The Most Powerful Words: "YES, AND..."


How can you make a small change in your language that will start you on the path to a calmer reading/math/homework time with your child (and away from of the frustrated outbursts)?

"YES, AND..."

Kids that struggle with reading are hearing a lot of "no," "that's not right" and verbal/non-verbal prompts of negative feedback. They might even start to get sensitive, get frustrated or act out when they are corrected. ...All of these negative responses chip away at their confidence at something that is already a source of frustration for them.

Try to turn the negative into a positive. Respond with "YES, AND." For example, I was talking with a friend the other day and giving her a few examples to use when her daughter skips over or incorrectly sounds out a word:
---->"YES, that does start with a p sound - AND what comes after it?"
---->"YES, there is a long word there AND let's do that one together" 
---->"YES, you found a tricky word AND any idea what it might be if you try to sound it out?" 
---->"YES, I heard you say the 'oo' sound in that word, AND do you see any other sounds you know?"

It might feel a little funny at first as you are responding to an error with a YES and having to shift your language. You may even need to get creative on what you can praise them for. This tiny shift to "YES AND" is confidence building, relationship building, pressure reducing and will feel much better to your child.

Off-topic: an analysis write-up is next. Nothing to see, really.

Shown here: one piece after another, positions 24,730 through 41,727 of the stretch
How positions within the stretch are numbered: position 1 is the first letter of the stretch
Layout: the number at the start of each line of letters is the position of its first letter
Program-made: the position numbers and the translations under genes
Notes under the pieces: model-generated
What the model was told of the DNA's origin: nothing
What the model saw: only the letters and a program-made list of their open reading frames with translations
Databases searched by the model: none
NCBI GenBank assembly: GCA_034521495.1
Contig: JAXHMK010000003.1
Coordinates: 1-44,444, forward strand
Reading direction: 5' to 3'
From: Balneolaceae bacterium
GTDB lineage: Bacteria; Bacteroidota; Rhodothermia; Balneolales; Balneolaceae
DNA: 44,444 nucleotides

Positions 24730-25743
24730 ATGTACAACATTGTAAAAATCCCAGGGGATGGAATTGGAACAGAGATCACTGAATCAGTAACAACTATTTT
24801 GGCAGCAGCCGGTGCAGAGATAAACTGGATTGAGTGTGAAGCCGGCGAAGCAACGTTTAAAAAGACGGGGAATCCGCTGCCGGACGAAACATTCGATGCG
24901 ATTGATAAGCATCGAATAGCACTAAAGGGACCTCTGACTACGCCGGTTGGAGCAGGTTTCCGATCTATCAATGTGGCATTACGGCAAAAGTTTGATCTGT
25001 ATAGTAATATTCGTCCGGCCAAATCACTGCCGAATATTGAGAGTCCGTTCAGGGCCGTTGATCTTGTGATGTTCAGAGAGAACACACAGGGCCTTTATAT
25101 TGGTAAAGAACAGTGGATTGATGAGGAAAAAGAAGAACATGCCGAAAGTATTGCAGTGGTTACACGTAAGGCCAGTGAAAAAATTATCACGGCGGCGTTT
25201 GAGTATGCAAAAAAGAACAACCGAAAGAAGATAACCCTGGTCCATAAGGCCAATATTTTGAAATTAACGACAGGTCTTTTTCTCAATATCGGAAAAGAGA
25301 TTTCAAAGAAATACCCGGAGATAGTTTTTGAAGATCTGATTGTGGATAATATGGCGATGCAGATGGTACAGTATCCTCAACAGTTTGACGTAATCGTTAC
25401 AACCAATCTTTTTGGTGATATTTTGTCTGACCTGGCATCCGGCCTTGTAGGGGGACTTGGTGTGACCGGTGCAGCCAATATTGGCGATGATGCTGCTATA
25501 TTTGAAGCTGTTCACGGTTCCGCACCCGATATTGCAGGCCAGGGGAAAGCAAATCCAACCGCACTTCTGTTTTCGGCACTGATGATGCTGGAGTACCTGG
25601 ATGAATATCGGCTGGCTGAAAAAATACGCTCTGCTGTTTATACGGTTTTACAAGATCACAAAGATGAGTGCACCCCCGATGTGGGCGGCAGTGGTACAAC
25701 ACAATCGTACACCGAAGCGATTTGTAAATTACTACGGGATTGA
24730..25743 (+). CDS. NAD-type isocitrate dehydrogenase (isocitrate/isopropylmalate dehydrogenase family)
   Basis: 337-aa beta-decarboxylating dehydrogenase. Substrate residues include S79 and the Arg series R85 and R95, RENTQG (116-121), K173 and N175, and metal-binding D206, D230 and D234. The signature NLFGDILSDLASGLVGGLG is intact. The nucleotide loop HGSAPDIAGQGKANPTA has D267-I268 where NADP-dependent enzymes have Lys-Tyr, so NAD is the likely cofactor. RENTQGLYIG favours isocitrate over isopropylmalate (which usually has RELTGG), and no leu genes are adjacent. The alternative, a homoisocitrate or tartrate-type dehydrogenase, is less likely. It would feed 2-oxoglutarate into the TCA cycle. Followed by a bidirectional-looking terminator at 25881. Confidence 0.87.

Growing Up & Learning


It's so fun when I get to be a part of a kid's life over the years and see them grow into adults. I've worked with this individual on and off since he was 6 - and now he is 21!

I've seen him go from running away from sounding out a word to reading a novel. I've seen him go from throwing a pencil in frustration to taking deep breaths as he conquers writing an essay.

It's about breaking things down into bitesize steps, taking a deep breath, having some fun and learning that you can get through anything. 

Reading & Vision Therapy

At Creative Learning Solutions, we work on building the skills needed for getting words off the page and/or visualizing and understanding what you've read. But sometimes, something else is needed too - and parents don't always know to look for it.

Look for kids that might fatigue with reading longer texts, might cover up or close one eye while reading, or work really hard to avoid reading tasks. They may have 20/20 vision, but their eyes may not be moving and working together properly. If you think this may be what is going on, getting a vision therapy assessment can be a gamechanger.

I've read with some kids before and after their vision therapy, and it made a huge difference for them. It's different than seeing an optometrist. A vision therapist will check in to see how your child's eyes and brain are working together and if their eye movements (like tracking left to right or up and down on a page) are flowing with ease or not. 

If you want to learn more, do a search for "vision therapy" or find a vision therapy center in your area.